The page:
I recently made the case for a clean hydrogen economy in Washington State at the monthly Technology Alliance Science and Discovery Series. The slides from the talk are here. Alyssa Patrick was tweeting during the event and made a follow up blog post about the talk. In short, a clean hydrogen economy could happen soon and look like this in Washington State:

1) Hydrogen production: To add more infrequent renewables (wind, solar, tidal, etc.) to the grid, Bonneville Power needs more ways to balance the grid, adding power in some cases, removing power in others. Hydrogen electrolysis systems are ready and can respond rapidly to varying demand.

2) Hydrogen storage and distribution: The northwest has little to no underground hydrogen storage potential, so the tried and true method of cryogenic liquid hydrogen is the way to go, however, small-modular hydrogen liquefiers are not available yet. The HYPER lab is researching a very promising route to small-modular hydrogen liquefiers that utilizes parahydrogen-orthohydrogen manipulation to drive endothermic cooling. Once produced, this liquid hydrogen can be stored, transported, and dispensed in the refueling station utilizing cryogenic thermal compression that HYPER lab members won the 2014 Hydrogen Student Design Contest with.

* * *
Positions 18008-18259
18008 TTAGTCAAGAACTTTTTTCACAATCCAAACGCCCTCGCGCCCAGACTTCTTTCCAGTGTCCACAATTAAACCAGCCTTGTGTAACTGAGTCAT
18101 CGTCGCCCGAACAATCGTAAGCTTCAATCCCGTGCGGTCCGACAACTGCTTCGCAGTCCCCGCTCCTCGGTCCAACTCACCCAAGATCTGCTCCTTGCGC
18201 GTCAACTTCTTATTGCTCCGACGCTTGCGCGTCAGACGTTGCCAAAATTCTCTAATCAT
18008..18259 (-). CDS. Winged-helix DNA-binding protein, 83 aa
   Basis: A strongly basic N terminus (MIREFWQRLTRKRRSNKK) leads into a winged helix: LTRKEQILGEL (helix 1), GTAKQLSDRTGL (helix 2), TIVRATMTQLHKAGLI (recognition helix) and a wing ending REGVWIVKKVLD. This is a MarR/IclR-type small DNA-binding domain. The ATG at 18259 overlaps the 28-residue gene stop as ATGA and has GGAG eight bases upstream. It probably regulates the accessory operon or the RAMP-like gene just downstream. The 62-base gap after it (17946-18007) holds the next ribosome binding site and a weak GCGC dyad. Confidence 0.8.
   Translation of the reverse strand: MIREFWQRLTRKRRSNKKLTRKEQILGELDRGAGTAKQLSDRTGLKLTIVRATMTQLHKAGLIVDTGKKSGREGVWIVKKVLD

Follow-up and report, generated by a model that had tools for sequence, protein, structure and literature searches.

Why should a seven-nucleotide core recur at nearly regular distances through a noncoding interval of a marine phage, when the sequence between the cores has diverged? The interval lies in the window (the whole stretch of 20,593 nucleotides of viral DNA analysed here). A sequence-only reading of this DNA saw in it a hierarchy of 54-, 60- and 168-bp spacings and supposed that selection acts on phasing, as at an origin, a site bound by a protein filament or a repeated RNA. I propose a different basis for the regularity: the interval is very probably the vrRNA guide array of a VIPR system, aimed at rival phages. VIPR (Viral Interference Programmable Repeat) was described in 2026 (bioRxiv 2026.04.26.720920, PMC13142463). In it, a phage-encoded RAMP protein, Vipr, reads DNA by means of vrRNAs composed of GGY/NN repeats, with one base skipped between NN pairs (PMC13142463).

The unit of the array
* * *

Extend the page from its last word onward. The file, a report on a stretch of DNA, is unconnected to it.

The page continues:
3) Hydrogen use: With Washington Governor Jay Inslee passing climate control legislation with a cap-and-trade on carbon emissions, industries such as oil-refineries and fertilizer production need hydrogen sourced from little carbon, such as the method proposed here. If not sold to these industries, the hydrogen could be used for silicon wafer or solar cell production, fork-lifts, UAVs like the Genii project, or any of the fuel cell cars being rolled out by 8 major auto manufacturers.

Washington State is home to world class hydrogen researchers, including PNNL’s Hydrogen Analysis Resource Center and is home to the DOE’s Hydrogen Safety Panel. We have the people and clean energy that California dreams of having. While additional electrification projects like Seattle Metro route 48 are a step in the right direction for our clean energy future, at a whopping lifecycle cost of $363 million clean hydrogen should be an additional consideration, at that price a hydrogen refueling infrastructure could cover the entire state, and not require a copper mine for the raw materials.